What Are My Options?
It’s likely that you or someone you know has low back pain; about 80% of individuals will experience low back pain at some point in their life. You may think that your only options to get relief from low back pain are drugs or surgery, but many other safe treatments are available that focus on teaching correct movement patterns and strengthening weak muscles. When your muscles are strong enough to support aligned posture and movement, there is less pressure on discs and nerves.
Mindful Movement Makes the Difference
Learning how to reconnect your brain with your muscles can make your movement patterns conscious, and allow you to change them to become more efficient and pain-free. The most effective movements are small, slow, isolated, and mindful. This reduces the likelihood of hurting yourself more and increases your ability to learn the movements properly. In addition, conscious movement encourages the development of a positive relationship with your body. At the same time, you can incorporate healthy ways to reduce stress and anxiety. Fear of hurting yourself more limits your movement, which has a cascading negative effect on both your pain and your outlook.
As your muscular control grows with small movements, you’ll be able to add larger, more complex movements for increased endurance and flexibility. Walking, bending forward, lifting, and twisting are all daily movements that you can safely relearn. Developing your proprioception—your sense of your body in space—will increase your balance and your confidence in your ability to keep yourself pain-free as you return to the activities you enjoy.
Untuck Your Tail
A common cause of low back pain is tucking the tailbone to flatten the low back. You may do this to avoid the appearance of a large rear end. Or you may spend many hours a day sitting in positions that result in slouching and rounding. Much of our furniture is designed to cradle our low back instead of supporting a natural curve.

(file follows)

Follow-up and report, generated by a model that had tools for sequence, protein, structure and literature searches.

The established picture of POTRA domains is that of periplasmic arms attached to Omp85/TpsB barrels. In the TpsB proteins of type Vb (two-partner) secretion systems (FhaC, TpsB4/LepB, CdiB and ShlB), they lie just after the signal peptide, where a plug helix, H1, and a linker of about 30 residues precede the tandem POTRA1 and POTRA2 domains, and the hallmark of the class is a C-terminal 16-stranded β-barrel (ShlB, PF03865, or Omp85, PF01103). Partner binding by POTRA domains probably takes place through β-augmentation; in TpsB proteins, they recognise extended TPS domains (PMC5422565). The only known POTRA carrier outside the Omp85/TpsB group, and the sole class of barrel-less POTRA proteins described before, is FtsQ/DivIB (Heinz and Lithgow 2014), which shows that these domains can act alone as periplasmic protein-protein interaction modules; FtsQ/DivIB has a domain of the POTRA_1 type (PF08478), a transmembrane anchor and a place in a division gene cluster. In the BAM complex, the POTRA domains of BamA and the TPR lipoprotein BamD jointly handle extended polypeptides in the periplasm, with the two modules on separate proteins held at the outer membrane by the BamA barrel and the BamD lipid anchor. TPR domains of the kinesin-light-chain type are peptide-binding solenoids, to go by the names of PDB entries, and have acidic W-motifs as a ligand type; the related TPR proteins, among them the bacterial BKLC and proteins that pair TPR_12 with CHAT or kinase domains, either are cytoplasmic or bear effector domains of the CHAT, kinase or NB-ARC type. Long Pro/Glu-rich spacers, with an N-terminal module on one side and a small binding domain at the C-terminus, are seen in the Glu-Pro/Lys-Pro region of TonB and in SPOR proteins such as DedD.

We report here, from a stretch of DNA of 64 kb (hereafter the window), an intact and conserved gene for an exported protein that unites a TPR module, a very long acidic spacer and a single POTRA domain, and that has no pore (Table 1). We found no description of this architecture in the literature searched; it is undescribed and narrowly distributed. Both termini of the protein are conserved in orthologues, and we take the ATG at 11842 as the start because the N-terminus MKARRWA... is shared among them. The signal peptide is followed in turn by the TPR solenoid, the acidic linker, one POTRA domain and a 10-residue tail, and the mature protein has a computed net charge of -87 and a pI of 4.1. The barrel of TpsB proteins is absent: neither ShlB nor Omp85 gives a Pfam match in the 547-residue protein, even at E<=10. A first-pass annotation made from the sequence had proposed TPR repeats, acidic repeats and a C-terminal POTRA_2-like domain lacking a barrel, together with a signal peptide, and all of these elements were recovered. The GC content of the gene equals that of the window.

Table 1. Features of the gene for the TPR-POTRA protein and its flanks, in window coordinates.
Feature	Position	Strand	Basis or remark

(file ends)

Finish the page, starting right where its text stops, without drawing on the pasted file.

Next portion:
Yoga International explains how this affects your low back:
A diminished lumbar curve may lead to disc problems in the lower back, sciatic pain, and even shoulders that are too far forward. It also has dire consequences for the lower organs, which need space to move.
One way to discover whether you tuck your tailbone or not is to review the arch and flatten movement video on my home page. Does creating even a small arch feel exaggerated or unsafe to you? Does flattening your low back feel the most comfortable or familiar? Other signs that you flatten your low back may include digestion problems, hyperextended knees, and clenching your buttocks when you stand.
Here’s another way to experience an untucked tailbone. Stand up and hinge forward from your hip crease just enough to look down at your ankles. Make sure you are not gripping your buttocks. If your buttocks are soft and your hips are over your heels, your tailbone should feel as if it is lifting up a little. Bring your hands to your buttocks and slowly bring your upper body upright. Make sure your hips stay back over your heels and your buttocks stay soft. Do not push your hips forward. Let the movement come from your legs, not your low back. Your tailbone should still be lifted without causing any tension in your low back or tightening along the buttock crack.
It’s important to maintain some arch in your low back. My unique approach teaches you how to safely untuck your tailbone without creating tension in your low back. You can get out of low back pain–with a lot of additional benefits for your body along the way. Read what others have said about me and then contact me today to start your journey out of pain!